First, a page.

What’s the Advantage of Lithium Rechargeable Batteries?
21 Nov 2016 - Lithium Rechargeable Batteries
The power to go, which is the promise battery deliver. They give us all the convenience of electricity in a handy, portable form. The only bother is, most batteries run flat very quickly and, unless you use a personlized charger, you then have to throw them away. It's difficult on your pocket and bad for the environment as well: universal, we throw away millions of disposable batteries every year. Rechargeable batteries help to solve this problem and the best nice method a technology called lithium ion. Your cellphone, laptop computer, and bluetooth probably all use lithium-ion batteries. They've been in universal use since about 1991, but the elementary chemistry was first discovered by American chemist Gilbert Lewis (1875–1946) way back in 1912.Now,we are going to discuss the advantage of lithium rechargeable batteries.
Generally, lithium rechargeable batteries are more responsible than older technologies such as nickel-cadmium and don't suffer from a puzzle known as the "memory effect" (where nicad batteries appear to become harder to charge unless they're discharged fully first). Since lithium rechargeable batteries don't involve cadmium (a toxic, heavy metal), they are also better for the environment—although dumping any batteries (full of metals, plastics, and other assorted chemicals) into landfills is never a good thing. In comparing to heavy-duty rechargeable batteries (such as the lead-acid ones used to start cars), lithium-ion batteries are relatively light for the amount of energy they store.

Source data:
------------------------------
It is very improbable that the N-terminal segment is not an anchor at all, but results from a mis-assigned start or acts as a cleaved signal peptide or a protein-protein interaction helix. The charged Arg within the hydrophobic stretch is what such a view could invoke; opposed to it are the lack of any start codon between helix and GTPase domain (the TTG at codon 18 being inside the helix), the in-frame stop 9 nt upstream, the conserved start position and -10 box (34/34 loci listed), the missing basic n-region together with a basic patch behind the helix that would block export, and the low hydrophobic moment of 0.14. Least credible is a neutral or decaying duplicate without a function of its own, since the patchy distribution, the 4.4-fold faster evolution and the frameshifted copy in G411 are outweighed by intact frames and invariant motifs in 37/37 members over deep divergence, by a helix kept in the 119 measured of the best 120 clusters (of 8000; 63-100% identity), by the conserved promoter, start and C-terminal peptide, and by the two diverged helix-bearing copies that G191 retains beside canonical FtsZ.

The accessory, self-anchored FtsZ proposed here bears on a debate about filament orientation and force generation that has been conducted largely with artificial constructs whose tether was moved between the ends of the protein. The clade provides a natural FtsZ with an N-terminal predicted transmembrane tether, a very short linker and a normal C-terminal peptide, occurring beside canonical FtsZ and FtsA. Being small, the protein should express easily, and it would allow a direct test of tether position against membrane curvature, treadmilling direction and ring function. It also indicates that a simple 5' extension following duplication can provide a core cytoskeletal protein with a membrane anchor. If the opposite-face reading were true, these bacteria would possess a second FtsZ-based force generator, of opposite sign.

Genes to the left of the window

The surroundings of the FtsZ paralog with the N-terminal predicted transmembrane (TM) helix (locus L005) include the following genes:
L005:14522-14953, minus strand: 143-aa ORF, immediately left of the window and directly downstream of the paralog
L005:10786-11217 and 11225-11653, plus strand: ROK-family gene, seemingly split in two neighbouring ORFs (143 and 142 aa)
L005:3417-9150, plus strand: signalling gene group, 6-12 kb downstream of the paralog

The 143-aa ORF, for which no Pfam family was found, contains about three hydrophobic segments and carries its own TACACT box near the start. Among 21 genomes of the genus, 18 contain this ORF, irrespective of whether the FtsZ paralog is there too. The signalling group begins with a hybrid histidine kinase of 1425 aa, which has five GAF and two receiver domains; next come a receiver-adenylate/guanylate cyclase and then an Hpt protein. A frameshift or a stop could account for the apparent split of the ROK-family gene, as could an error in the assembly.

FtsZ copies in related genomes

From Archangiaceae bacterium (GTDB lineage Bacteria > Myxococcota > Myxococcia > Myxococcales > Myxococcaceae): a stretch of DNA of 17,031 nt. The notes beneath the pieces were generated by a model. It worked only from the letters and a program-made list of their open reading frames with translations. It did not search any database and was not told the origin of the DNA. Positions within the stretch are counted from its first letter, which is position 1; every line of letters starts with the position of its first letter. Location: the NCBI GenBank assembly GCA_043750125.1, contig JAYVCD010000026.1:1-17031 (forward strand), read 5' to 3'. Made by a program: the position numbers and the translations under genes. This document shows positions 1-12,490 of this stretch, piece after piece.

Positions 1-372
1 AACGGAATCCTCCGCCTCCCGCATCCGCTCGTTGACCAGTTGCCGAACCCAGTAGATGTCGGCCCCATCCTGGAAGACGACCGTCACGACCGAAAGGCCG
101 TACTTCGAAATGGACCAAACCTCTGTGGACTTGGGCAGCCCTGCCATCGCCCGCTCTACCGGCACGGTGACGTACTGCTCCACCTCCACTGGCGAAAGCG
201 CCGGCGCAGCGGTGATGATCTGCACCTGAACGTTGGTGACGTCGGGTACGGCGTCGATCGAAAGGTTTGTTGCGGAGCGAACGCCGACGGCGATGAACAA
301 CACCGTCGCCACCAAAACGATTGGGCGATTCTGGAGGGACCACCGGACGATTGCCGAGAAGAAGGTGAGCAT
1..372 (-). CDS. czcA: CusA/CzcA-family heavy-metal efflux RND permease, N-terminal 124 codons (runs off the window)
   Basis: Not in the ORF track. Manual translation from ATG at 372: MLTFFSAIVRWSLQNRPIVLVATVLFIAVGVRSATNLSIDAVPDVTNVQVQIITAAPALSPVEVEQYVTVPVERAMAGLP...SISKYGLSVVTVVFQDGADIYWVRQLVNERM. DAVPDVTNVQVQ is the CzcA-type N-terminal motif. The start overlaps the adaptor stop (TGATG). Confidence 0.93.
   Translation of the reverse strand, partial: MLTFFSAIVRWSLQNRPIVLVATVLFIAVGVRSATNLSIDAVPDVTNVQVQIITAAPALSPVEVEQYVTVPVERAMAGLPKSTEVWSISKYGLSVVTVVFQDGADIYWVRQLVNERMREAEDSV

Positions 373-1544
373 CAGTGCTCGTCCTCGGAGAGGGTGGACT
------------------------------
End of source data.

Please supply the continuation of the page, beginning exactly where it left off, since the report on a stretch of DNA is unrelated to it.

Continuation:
If we're interested in the defects of lithium-ion batteries, it's important to keep in mind what we're comparing them with. As a power source for automobiles, we really need to compare them not with other types of lithium batteries but with gasoline. Despite big advances over the years, kilo for kilo, rechargeable batteries still store only a fraction as much energy as ordinary gas; in more scientific words, they have a much lower energy density (they store less energy per unit of weight). That also explains why you can fully "recharge" (refuel) a gas-powered automobile in a couple of minutes, whereas it'll generally take you hours to recharge the batteries in an electric car. Then again, you have to keep in mind that these disadvantages are balanced by other advantages, such as the greater fuel economy of electric cars and their relative lack of air pollution (zero emissions from the vehicle itself).